If someone wants to work under two assigner umbrellas so what? You can assign whoever you want but are you now interfering with some contractual relationship? Honestly Iíd let it go, work hard... show them who has the quality officials and why....
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  #39 (permalink)  
Old Thu Nov 08, 2018, 06:43pm
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Originally Posted by Camron Rust View Post
You're making some assumptions. Your context implied that being college gave the officials a choice of who to work for. Just being college doesn't make that true when the conferences hire the same assignor.
Never did I make any assumptions. My point was that it can prevent the perceived or actual conflicts of interest.
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  #40 (permalink)  
Old Thu Nov 08, 2018, 09:34pm
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Originally Posted by SC Official View Post
Never did I make any assumptions. My point was that it can prevent the perceived or actual conflicts of interest.
I guess I just don't get your point. Can you elaborate?
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  #41 (permalink)  
Old Fri Nov 09, 2018, 01:25am
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Originally Posted by SC Official View Post
Never did I make any assumptions. My point was that it can prevent the perceived or actual conflicts of interest.
What Camron is saying is that the problem persists at the college level too because several conferences will use the same assignor. For example, if the MWC, PAC-12, WCC, and Big12 all use the same assignor and his pool of officials, then you are in the same situation as a single HS association.
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  #42 (permalink)  
Old Fri Nov 09, 2018, 07:35am
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Originally Posted by BillyMac View Post

And except for those grandfathered in, one can only work in the county where one resides, so unlike Bonnie and Clyde often did, we can't cross county lines.

Reread the policy Bill. They recently changed it to accepting duals if they only accept assignments from our board. Probably to get around the lawsuit findings regarding independent consultant status.



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  #43 (permalink)  
Old Fri Nov 09, 2018, 08:05am
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Originally Posted by RefCT View Post
Reread the policy Bill. They recently changed it to accepting duals if they only accept assignments from our board. Probably to get around the lawsuit findings regarding independent consultant status.
Our local board Dual Member Policy (dated March, 2018) is worded as RefCT states above, however, our most recent (Fall, 2018) local board recruit application specifically states that the applicant must reside in our little corner of Connecticut. Maybe once one becomes a member, one can move around. Dual membership has always been a mystery to me. RefCT sounds like he knows what he's talking about and knows much more about it than me. Does a dual member have to pay dues to both his parent board and his assigning board?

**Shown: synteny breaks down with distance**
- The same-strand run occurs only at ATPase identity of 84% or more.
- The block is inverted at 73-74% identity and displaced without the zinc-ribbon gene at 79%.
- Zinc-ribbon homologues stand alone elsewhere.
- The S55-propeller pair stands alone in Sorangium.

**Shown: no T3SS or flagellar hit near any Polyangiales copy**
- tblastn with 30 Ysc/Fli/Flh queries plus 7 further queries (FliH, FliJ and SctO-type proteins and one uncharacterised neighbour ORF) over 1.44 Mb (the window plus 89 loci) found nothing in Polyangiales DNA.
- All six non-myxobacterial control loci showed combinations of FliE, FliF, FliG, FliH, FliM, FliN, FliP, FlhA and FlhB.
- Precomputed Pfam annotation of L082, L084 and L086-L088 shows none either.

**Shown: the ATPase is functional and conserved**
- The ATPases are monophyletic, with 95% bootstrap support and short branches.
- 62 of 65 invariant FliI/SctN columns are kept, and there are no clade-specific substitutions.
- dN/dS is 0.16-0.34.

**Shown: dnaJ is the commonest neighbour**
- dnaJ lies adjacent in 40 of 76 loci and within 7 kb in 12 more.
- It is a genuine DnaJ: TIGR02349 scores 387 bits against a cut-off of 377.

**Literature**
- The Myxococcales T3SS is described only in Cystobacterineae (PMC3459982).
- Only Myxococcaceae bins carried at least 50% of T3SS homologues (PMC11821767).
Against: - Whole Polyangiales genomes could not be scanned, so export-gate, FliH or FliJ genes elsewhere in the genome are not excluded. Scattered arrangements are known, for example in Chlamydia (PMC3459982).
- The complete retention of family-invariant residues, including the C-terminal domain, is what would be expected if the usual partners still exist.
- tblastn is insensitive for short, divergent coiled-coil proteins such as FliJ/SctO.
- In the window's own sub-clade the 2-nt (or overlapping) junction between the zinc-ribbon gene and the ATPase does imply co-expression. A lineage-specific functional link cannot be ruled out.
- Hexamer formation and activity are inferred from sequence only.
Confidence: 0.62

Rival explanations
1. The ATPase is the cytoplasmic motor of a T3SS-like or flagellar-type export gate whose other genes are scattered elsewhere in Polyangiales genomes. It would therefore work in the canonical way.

Like Bonnie and Clyde, maybe we can cross county lines.

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Last edited by BillyMac; Fri Nov 09, 2018 at 08:34am.
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  #44 (permalink)  
Old Fri Nov 09, 2018, 08:14am
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Originally Posted by Camron Rust View Post
I guess I just don't get your point. Can you elaborate?
Quote:
Originally Posted by Nevadaref View Post
What Camron is saying is that the problem persists at the college level too because several conferences will use the same assignor. For example, if the MWC, PAC-12, WCC, and Big12 all use the same assignor and his pool of officials, then you are in the same situation as a single HS association.
Makes sense. Poor wording choice by me.
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  #45 (permalink)  
Old Fri Nov 09, 2018, 08:26am
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Quote:
Originally Posted by Nevadaref View Post
What Camron is saying is that the problem persists at the college level too because several conferences will use the same assignor. For example, if the MWC, PAC-12, WCC, and Big12 all use the same assignor and his pool of officials, then you are in the same situation as a single HS association.
On this side of the country, an assignor may have multiple conferences, but it doesn't mean an official will work or sign a contract for all those conferences. Regardless of how many conferences a supervisor has, most college officials work for multiple supervisors.
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Last edited by Raymond; Fri Nov 09, 2018 at 08:30am.